There are a few events that define each generation and I think the events of 9/11 did just that for mine. I’ve not met anyone yet who wasn’t able to quickly answer the question … “where were you when the towers fell?”
On 9/11/2001, I was living in Virginia Beach, VA, and was in my third and final school year of law school at Regent University’s School of Law. One of the biggest things that defines that area were the 5 military bases in close proximity. I worked in a building called The World Trade Center, though it was far shorter than the towers in New York City in downtown Norfolk but lived and went to school in Virginia Beach.
We didn’t have a TV in our office and I’m pretty sure it was a family member who called someone in the office to alert us that something was happening. We looked up news sites online and saw the events begin to unfold. Soon thereafter, the office building was evacuated. We were all completely freaked out and there was a general sense of dread over the whole town. Not just for the loss of life, but also that a large percentage of the population was connected to the military. Whatever/whoever had brought the towers down, the men and women of our military knew that they would be affected directly. All the families knew it too.
After we were evacuated, it was hard to know what to do. I’m pretty sure I had a class at some point that day but I’m also pretty sure everything was cancelled. We had quite a few active military students in my class. I ended up at a bank, watching the surreal coverage and getting my bar application notarized. Hey, that’s just how my brain works — focusing on something concrete and real was helpful for me.
None of the phone calls were connecting to anyone near the city because everyone had flooded the airwaves. I remember that I was worried about my sister, who lived in the city then, but I don’t have a specific memory of when it was confirmed she was ok. Also, I am still a bit befuddled by the geography of the city and I honestly had and have no idea how far the towers were from where she lived/worked at the time.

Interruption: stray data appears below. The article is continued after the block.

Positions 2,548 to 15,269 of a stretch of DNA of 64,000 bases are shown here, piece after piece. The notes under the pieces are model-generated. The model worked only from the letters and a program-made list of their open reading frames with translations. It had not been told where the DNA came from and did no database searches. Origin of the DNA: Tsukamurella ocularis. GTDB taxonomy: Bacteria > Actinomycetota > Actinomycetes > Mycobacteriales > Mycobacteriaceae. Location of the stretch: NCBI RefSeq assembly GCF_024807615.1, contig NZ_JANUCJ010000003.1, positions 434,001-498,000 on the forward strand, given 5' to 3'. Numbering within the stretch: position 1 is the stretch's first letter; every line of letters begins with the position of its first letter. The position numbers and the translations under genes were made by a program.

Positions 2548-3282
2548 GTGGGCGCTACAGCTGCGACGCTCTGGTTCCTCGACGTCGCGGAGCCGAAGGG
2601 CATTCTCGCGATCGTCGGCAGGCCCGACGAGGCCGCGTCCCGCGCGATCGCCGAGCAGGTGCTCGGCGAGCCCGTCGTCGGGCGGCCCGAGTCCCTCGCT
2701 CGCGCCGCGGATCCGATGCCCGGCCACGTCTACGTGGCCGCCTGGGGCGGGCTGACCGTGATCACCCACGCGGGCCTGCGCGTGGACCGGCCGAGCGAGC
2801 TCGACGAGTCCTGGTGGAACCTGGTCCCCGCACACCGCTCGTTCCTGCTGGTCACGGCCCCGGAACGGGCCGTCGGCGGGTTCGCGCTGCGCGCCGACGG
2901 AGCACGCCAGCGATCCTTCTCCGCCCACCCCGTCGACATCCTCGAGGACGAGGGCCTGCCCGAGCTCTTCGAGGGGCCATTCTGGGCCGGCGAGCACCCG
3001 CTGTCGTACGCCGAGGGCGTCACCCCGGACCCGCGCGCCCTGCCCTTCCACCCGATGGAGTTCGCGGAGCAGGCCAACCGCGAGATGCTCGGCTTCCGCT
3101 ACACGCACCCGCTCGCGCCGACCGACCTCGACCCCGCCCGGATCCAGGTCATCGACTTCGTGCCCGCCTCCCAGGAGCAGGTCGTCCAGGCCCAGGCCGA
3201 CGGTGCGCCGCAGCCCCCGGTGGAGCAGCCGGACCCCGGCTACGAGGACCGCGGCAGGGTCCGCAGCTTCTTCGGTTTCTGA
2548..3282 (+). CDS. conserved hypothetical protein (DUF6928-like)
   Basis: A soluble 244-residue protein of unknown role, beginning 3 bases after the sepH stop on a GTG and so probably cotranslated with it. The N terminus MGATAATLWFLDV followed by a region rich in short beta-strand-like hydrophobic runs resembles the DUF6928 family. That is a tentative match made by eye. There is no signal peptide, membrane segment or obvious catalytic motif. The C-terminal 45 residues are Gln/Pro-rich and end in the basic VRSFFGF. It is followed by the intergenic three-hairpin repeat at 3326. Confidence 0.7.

9/11/11 ended without a lot of answers, with walls papered with the pictures of the missing and with the entire nation aghast and searching for something, anything to do.
The aftermath was like nothing I’ve ever experienced. The swell of patriotism and love of country was powerful. I also remember hearing about the hate crimes that were perpetrated against a variety of darker skinned people. I remember that everyone was flying an American flag and the urgency of the men and women in uniform that I knew who wanted to just DO something about the fact that we’d been attacked. I also remember that the incident was used to change a number of laws and policies, not always for the better. I’d also managed to forget that we didn’t have an Office of Homeland Security before 9/11.
To find out that we are not invincible, that we are a target, that we are susceptible to such danger was sobering. Did we learn our lesson? Did we absorb the knowledge that we must not assume that we are the center of the world? I’m not sure, to be frank.
I know the privilege that being born in the US affords me. I know it and I live it, every day. My children have that privilege as well. My husband is a naturalized citizen and there is no one who loves his adopted country more.
No individual, group or nation is perfect. The flaws of one group or person are not the flaws of another. Yet, despite the flaws, despite the challenges we all face, I am grateful to have been born and lived here, in the United States of America.
I hope you will all join me in a moment of silence to remember the people we lost that day, the heroism of so many first responders who leaped into danger without regard for themselves, and those people who still suffer the after effects of living through the events of 9/11.
We will not forget.
We MUST never forget.
PS: here’s a great minute by minute account of what happened when that day. I was astonished at how many details I’ve forgotten.